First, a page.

Junior defenseman Shannon Doyle’s impressive play on both ends of the ice in No. 4/5 Boston University women’s hockey’s 5–1 win over the University of Connecticut in the Hockey East quarterfinals Saturday afternoon was not unlike her performance all season long.
After a scoreless opening period against UConn (3–29–3, 1–19–1 Hockey East), Doyle helped put BU (24–5–3, 18–2–1 Hockey East) on the board first. Doyle held the puck at the blue line and went on the attack, skating deep in the zone down the right side. She then sent the puck to the front of the net, where junior forward Marie-Philip Poulin put it past goaltender Elaine Chuli.
“She’s a good passer,” said BU coach Brian Durocher. “So she’s got a good arsenal of things she can do, and she really generates offense for our team.”
But Doyle said she doesn’t like to take risks in the offensive zone.
“I just look for how much control we have of the puck,” Doyle said. “And I don’t like to risk it. If it looks like it’s not full possession or we look tired — we’re looking for a change — I don’t like to go down in the zone too much.”
Doyle’s assist was her 14th of the season, good for the team lead for defensemen and eighth best among Hockey East defensemen.
Although she didn’t score a goal in the most recent game against the Huskies, Doyle contributed her sixth goal of the season in BU’s 4-goal comeback over UConn on Feb. 23. She leads all defensemen on the team in that offensive category as well, and ranks second in Hockey East for defensemen. Her 20 points rank her fifth best among Hockey East defensemen.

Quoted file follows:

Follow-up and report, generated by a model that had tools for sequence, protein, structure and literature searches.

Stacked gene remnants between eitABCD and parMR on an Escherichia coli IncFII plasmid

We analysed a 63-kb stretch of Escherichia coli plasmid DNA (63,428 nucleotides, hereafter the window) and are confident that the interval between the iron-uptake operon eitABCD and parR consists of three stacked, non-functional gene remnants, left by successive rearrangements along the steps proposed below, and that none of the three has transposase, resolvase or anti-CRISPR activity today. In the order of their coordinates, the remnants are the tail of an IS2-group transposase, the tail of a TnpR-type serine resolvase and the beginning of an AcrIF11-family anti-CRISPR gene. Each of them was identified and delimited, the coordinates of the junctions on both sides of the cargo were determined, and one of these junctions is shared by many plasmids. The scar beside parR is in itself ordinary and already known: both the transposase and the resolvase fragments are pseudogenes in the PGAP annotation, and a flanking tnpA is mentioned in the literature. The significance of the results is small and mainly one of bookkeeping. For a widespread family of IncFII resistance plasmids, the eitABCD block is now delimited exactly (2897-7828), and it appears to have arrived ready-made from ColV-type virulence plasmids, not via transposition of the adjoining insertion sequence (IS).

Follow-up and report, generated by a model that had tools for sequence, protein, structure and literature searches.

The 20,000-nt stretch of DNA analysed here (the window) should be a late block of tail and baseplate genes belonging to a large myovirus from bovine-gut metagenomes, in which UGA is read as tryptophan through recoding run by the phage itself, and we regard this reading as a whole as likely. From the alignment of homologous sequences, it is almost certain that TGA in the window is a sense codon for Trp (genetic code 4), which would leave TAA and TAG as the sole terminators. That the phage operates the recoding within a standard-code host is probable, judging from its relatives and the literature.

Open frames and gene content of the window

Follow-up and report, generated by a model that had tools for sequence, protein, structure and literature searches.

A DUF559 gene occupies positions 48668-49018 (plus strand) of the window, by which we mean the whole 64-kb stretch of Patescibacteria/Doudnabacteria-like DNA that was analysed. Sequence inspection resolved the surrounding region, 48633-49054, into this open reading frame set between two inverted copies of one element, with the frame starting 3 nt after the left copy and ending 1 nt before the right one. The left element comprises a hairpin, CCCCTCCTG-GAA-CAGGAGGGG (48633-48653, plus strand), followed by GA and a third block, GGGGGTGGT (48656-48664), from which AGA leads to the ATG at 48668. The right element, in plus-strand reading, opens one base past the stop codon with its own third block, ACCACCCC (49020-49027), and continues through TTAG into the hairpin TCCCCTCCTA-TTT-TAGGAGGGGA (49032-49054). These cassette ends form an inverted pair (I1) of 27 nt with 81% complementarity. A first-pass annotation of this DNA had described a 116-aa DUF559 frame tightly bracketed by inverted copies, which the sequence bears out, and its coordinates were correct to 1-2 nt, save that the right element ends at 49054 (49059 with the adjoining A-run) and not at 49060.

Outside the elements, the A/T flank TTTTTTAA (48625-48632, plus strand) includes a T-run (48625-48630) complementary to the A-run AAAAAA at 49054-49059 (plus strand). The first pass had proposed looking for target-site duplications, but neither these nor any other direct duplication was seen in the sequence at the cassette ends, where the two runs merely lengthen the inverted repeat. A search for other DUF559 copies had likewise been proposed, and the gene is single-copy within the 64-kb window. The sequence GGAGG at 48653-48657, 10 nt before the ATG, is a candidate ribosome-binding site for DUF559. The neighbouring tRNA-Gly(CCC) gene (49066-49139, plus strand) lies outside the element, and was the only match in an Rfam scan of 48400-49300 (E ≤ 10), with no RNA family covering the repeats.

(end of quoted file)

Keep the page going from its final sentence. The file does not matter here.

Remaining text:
However, despite her success on offense, Doyle and Durocher say they believe the Baldwin, Ontario, native does not have an offense-predicated mentality.
“She’s a real good defensive defenseman who also helps us out an awful lot on the power play and has certainly produced quite a few points this year,” Durocher said. “She’s fashioned herself as a kid who takes care of business in her own end.”
“I’m more of a defensive defenseman,” Doyle said. “So I like to be back there with [junior goaltender Kerrin] Sperry, and luckily enough I can help her out with some close calls most of the time.”
Doyle made fantastic plays to help Sperry on multiple occasions when the Huskies threatened to score during the quarterfinal matchup.
Perhaps the most impressive play came midway through the second period. Sperry fell to her left while making a save, but let out a rebound. With the puck sitting in front of the net and Sperry out of position, a Husky was sitting at the doorstep ready to tap the puck in to the open mesh for an easy goal. But at the last possible second, Doyle reached her stick out and poked the puck away, preventing the goal and preserving BU’s 2-0 lead.
“[Sperry] makes the first save for us and I just looked to back her up, and it worked out well today on that side of things,” Doyle said.
About seven minutes into the third period — less than two minutes after BU extended its lead to 3–1 — forward Emily Snodgrass was closing in on Sperry, preparing to take an unobstructed shot from below the circles. But Doyle was hustling from behind and caught up to Snodgrass, getting her stick in the way of the shot and forcing it wide.
With these game-changing plays on the offensive and defensive side of the puck, it isn’t a surprise Doyle ranks fifth on the team with a plus-20 rating — even considering the number of prolific forwards the Terriers have.
But Doyle’s most impressive statistic, and arguably the best facet of her game this season, is blocked shots. Her 77 blocked shots leads the team, 20 ahead of second-best junior defenseman Kaleigh Fratkin. She also leads Hockey East by a sizeable margin, with 13 more than University of New Hampshire’s Alexis Crossley.
Doyle attributed her success this season to the skill level of the players around her.
“Playing with [sophomore defenseman Shannon] Stoneburgh all year, we know each other pretty well, pass the puck well and people work hard on the team to get rebounds, which helps out with my points,” Doyle said. “I don’t think it’s more so an individual effort than it’s just playing with such high-elite players.”